SC07 sees 40G demos aimed at data centers

November 20, 2007 -- At this month's SuperComputing Conference (SC07) in Reno, NV, companies including Luxtera, Fulcrum Microsystems, and Mellanox Technologies jointly mounted several live connectivity demonstrations of 40-Gigabit Ethernet technology.

November 20, 2007 -- At this month's SuperComputing Conference (SC07) in Reno, NV, companies including Luxtera, Fulcrum Microsystems, and Mellanox Technologies jointly mounted several live connectivity demonstrations of 40-Gigabit Ethernet technology.

At the tradeshow, Fulcrum Microsystems and Luxtera announced the availability to OEMs of a low-latency, 40-Gigabit Ethernet switch/router reference design for datacenter backbone applications. The reference design is composed of a card developed by Luxtera using its nanophotonic "Blazar"-brand 40-Gigabit optical active cable, which fits into Fulcrum's "Reno"-brand low-latency, 10-Gigabit Ethernet router platform for data center applications.

Also introduced at the SC07 show, Luxtera's Blazar 40-Gigabit optical active cable (OAC) is based on the company's CMOS photonics technology, and combines the benefits of optical modules and copper cables to deliver high bandwidth interconnection, reaching up to 300 meters. The cable binds four 10-Gigabit Ethernet channels into one 40 Gbit/sec high-density QSFP connector. The company notes that, by utilizing a QSFP form factor, the cable allows customers to quadruple bandwidth density per shelf. The cable is suited for InfiniBand and Ethernet applications in High Performance Computing (HPC) clusters and data centers.

"As we begin sampling, we're excited to demonstrate Luxtera's 40 Gigabit optical active cable interoperating with products from market leaders," comments Marek Tlalka, vice president of marketing for Luxtera. "Our breakthrough CMOS photonics technology uses a single die for what has traditionally been implemented using multiple components. As a result, Blazar breaks paradigms of traditional optics by delivering a low cost, long reach and highly reliable solution that will change the landscape of data centers."

"Demonstration of Luxtera's CMOS-photonics based 40 Gbit/sec optical active cable is an important milestone for next generation InfiniBand deployments," adds Thad Omura, vice president of product marketing for Mellanox Technologies. "Systems with multi-core processors and PCIe Gen2 demand this I/O bandwidth for optimal clustered application performance and power efficiency. Higher bandwidths along with larger cluster sizes drive the demand for optical interconnect. Luxtera is well positioned to fill this need."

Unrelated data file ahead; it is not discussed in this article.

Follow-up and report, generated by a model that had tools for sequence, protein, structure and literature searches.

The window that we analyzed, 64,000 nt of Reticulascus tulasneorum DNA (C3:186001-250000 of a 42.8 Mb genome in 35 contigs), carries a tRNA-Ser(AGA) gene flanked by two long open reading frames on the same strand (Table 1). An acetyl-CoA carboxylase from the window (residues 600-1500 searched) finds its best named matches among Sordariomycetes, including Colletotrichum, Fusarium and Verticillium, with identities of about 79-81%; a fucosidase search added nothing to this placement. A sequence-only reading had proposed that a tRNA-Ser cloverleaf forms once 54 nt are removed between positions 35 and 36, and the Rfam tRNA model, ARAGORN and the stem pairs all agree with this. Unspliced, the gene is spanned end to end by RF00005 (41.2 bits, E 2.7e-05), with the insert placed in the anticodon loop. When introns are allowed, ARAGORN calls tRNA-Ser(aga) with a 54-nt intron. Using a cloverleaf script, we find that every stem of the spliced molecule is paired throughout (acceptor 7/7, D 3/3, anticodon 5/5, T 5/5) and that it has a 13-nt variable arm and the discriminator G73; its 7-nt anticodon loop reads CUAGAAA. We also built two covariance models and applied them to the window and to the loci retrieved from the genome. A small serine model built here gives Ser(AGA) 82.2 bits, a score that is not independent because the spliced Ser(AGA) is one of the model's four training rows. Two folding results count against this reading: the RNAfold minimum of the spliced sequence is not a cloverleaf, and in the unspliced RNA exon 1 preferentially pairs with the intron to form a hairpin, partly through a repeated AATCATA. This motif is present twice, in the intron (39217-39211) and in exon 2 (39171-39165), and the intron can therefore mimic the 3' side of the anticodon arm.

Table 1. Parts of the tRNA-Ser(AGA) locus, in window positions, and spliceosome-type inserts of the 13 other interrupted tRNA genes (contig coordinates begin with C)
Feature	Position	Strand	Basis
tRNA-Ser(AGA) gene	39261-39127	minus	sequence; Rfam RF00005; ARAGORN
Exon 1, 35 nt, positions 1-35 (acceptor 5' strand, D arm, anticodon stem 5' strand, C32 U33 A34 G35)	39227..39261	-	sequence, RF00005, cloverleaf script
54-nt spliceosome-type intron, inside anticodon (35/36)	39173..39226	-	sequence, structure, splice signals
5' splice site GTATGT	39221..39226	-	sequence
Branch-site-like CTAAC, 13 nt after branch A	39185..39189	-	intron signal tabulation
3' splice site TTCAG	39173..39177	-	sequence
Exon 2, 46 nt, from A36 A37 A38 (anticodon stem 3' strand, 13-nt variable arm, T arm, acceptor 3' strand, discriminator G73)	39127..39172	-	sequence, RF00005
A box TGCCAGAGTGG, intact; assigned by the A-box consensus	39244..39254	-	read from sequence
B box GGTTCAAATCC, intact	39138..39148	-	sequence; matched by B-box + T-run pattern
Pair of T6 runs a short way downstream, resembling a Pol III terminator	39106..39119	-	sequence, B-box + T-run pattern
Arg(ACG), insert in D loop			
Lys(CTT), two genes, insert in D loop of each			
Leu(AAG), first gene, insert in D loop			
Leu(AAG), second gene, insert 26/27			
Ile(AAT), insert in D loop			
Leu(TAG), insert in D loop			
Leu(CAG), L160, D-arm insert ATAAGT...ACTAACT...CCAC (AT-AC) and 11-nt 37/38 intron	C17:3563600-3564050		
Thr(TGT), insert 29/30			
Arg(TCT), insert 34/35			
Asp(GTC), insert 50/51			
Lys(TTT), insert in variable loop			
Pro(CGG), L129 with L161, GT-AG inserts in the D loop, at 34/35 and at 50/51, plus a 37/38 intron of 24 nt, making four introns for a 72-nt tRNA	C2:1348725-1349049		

Data centers and HPC clusters are expected to gain 2x throughput and 3x reach using Blazar versus existing optical active cables. According to Luxtera, such applications will also gain 4x density improvement with one QSFP connector taking the same space as four XFP connectors. By utilizing the proprietary CMOS photonics technology, Luxtera estimates that the Blazar cable delivers such improvements at prices comparable to today's 20G interconnect technology.

"QSFP form factor enables higher density and higher connector reliability as well as provides smooth migration from SDR to DDR to QDR rates for the industry," offers Lloyd Dickman, QLogic's CTO for InfiniBand products. "We are excited that Luxtera has overcome many obstacles and provided the market with a QSFP optical active cable at a price point needed by the market."

At the SCO7 event, Luxtera's Blazar 40-Gigabit optical active cable was demonstrated an option for Fulcrum's "Reno" reference design, a 1RU switch/router system that uses Fulcrum's FocalPoint FM2224 low-latency switch, or Fulcrum's FM4224 low-latency router, to offer 24 full-rate 10 Gigabit Ethernet ports.

With the Luxtera mezzanine card, the Reno design is configured to feature three 40 Gbit/sec QSFP ports and 12 CX4 10-Gigabit Ethernet ports, all running at full line rate with less than 300 nanoseconds of latency for L3 routing. This configuration is suited for clustered storage or high-performance computing applications. Fulcrum contends that its low latency switching offers better latency performance and larger network sizes than competing InfiniBand platforms.

"The bandwidth and low latency offered by the Reno platform with Blazar means data center Ethernet can now be used to build networks supporting thousands of processors or disks with the inherent economic advantages that are expected from Ethernet," comments Mike Zeile, vice president of marketing for Fulcrum Microsystems. "Adding Luxtera's capabilities to our recently launched low-latency routing platform shows how quickly and completely data center Ethernet solutions are coming together."

"Demand for 40-Gigabit connectivity is growing in the data center, but before this platform, Ethernet customers were limited to 10 Gigabit bandwidth per port," adds Luxtera's Tlalka. "Our interconnect technology gives users a solution today to build an all-Ethernet data center that will seamlessly migrate to the 40-Gigabit Ethernet standard now being developed by the IEEE."

Finally, in a separate SC07 announcement, Fulcrum also released its FocalPoint FM4000 family of low-latency 10-Gigabit Ethernet routing chips. The FM4000 family include a 24-port, 10-GbE router featuring layer three functionality, with as little as 300 ns of end-to-end latency. Other members of the family feature 12, eight and two 10-Gigabit ports with varying numbers of Gigabit ports; all 10-Gigabit Ethernet ports are XAUI SerDes interfaces and can operate at 10/100/1000/2500 SGMII modes.

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